The governors of New York and New Jersey declared states of emergency late Wednesday amid prolific flooding from the remnants of Hurricane Ida that deluged communities throughout the Northeast.
The National Weather Service recorded 3.15 inches of rain in New York’s Central Park in one hour, far surpassing the 1.94 inches that fell in one hour during Tropical Storm Henri on the night of Aug. 21, which was believed at the time to be the most ever recorded in the park.
New York Gov. Kathy Hochul declared a state of emergency Wednesday night as the National Weather Service also warned water-logged New Jersey was at risk for tornadoes.
"Stay off the roads, stay home, and stay safe," New Jersey Gov. Phil Murphy said on Twitter amid dozens of videos going viral on social media, showing streets with rapid-moving water. Murphy declared a state of emergency in all of New Jersey’s 21 counties, urging people to stay off the flooded roads.
Jarring footage showed water inside Newark Liberty International Airport and water rushing into baggage facilities. The airport announced on Twitter that it had suspended all flight activity as of 10:30 p.m.
In Kearny, New Jersey, a roof collapsed at the Postal Service building with people inside, police Sgt. Chris Levchak said. Rescue crews were on scene into the night, with no immediate word on the number of people or severity of injuries.
Dozens of photos and videos on social media showed water pouring into subways across New York City. The subway service was extremely limited on all lines due to the weather, the Metropolitan Transit Authority announced. Other videos showed flooded streets and water pouring into basement apartments.
"If you’re on a train that’s stuck, stay on that train; the safest place tobe is on the train unless you hear otherwise from the conductor," The New York City Subway said on Twitter.
The storm even spurred a confirmed tornado just outside of Philadelphia. Soaking rains prompted the evacuations of thousands of people after water reached dangerous levels at a dam near Johnstown, a Pennsylvania town nicknamed Flood City.
Ida, now a tropical storm but seemingly as unrelenting as ever with torrential rain and fast-moving storm surge, is taking aim at the northeastern U.S. for the next several days. Forecasters fear life-threatening and damaging flooding in towns and highways throughout New England.
In Maryland, one person died after heavy rains from Ida flooded an apartment complex in Rockville, authorities said Wednesday.
And in Pennsylvania, emergency officials rushed to evacuate about 3,000 people below a dam near Johnstown after hours of heavy rains triggered plans to ensure the safety of downstream residents.
Video posted to Twitter showed extensive flooding in the streets Short Hills, New Jersey, and vehicles trapped in floodwaters in North Plainfield, New Jersey. On Reddit, students posted videos of dormitories under water at Rutgers, on the first day of classes.
More than 50 million people in the Northeast alone remained under a flash flood watch or warning, four days after Ida roared ashore in Louisiana as a Category 4 hurricane. The winds had vastly diminished, but the storm was dishing out heavy rain, much of it in areas already saturated by recent deluges.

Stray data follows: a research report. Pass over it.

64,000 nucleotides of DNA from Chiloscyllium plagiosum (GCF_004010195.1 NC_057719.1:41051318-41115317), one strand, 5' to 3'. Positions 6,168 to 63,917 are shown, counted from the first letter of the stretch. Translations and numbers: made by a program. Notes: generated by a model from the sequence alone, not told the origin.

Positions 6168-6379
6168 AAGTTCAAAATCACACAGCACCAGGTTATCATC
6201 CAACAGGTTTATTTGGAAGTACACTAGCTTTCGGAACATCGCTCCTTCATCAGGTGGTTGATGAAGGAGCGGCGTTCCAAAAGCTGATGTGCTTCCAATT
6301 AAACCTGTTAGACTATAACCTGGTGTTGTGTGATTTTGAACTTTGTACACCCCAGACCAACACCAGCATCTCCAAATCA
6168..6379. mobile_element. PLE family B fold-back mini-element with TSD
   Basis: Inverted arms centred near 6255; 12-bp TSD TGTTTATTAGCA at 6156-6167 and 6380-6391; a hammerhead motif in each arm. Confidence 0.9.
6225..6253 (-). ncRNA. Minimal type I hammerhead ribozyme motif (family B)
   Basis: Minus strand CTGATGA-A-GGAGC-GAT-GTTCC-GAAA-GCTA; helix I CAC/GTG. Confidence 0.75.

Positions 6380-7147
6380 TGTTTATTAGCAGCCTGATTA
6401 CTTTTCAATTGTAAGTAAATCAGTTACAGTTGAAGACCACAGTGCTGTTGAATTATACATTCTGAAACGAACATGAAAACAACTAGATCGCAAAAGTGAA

"Many areas along the path of Ida are likely to have rounds of rain over a 12- to 18-hour period, but intense rainfall can last six to eight hours," AccuWeather Senior Meteorologist Dan Pydynowski warned.
The National Weather Service issued a flash flood watch for New York City until Thursday at 2 p.m. City emergency management officials warned that 5 to 6 inches of rain were expected with locally higher amounts of up to 8 inches possible. Wind gusts could reach 30 mph, authorities said.
Social media users posted video of water running through the streets of Maspeth, Queens, and near John F. Kennedy International Airport.
At Louis Armstrong Stadium in New York City, a U.S. Open match between 2017 runner-up Kevin Anderson and Diego Schwartzman was disrupted as rain forced its way inside despite the closure of a retractable roof.
AccuWeather senior meteorologist Tom Kines said the city is on the edge of a worrisome band of weather so severe that a tornado is "not out of the question."
AccuWeather was forecasting 4-8 inches of rain for parts of West Virginia, Pennsylvania, New Jersey, New York state and southern and central New England. Some areas could see 12 inches of rain, AccuWeather said.
Virginia was bracing for heavy rains, flooding and possibly tornadoes Wednesday. Gov. Ralph Northam declaring a state of emergency. In Washington, D.C., all the city's testing and vaccine sites were closed Wednesday in preparation for the storm.
Baltimore was handing out sandbags. Maryland emergency management officials were warning of winds gusting to 35 mph that could lead to downed trees, potentially causing power outages.
West Virginia Gov. Jim Justice declared a state of emergency in all 55 counties. The National Guard readied 60 members to be assigned where flooding is reported and promised that more guard members would be tapped if necessary.
“Our top priority is always the safety and survival of our fellow West Virginians," said Lt. Col. Walter Hatfield, the guard's director of operations. "We will do everything we can to meet any challenge Mother Nature might throw at us.”
In Pennsylvania, Gov. Tom Wolf signed a proclamation of disaster emergency in anticipation of widespread flooding.
"We are expecting significant rainfall across the state," Wolf said. “I urge Pennsylvanians to ... prepare for potential flooding.”
The weather service in Boston warned of "torrential rain Wednesday night into Thursday... capable of flash flooding." Up to six inches of rain were possible, the weather service said.
"This storm could bring heavy rain as far as southern Maine, southern New Hampshire before it finally goes out to sea" Thursday," Kines said.
Contributing: The Associated Press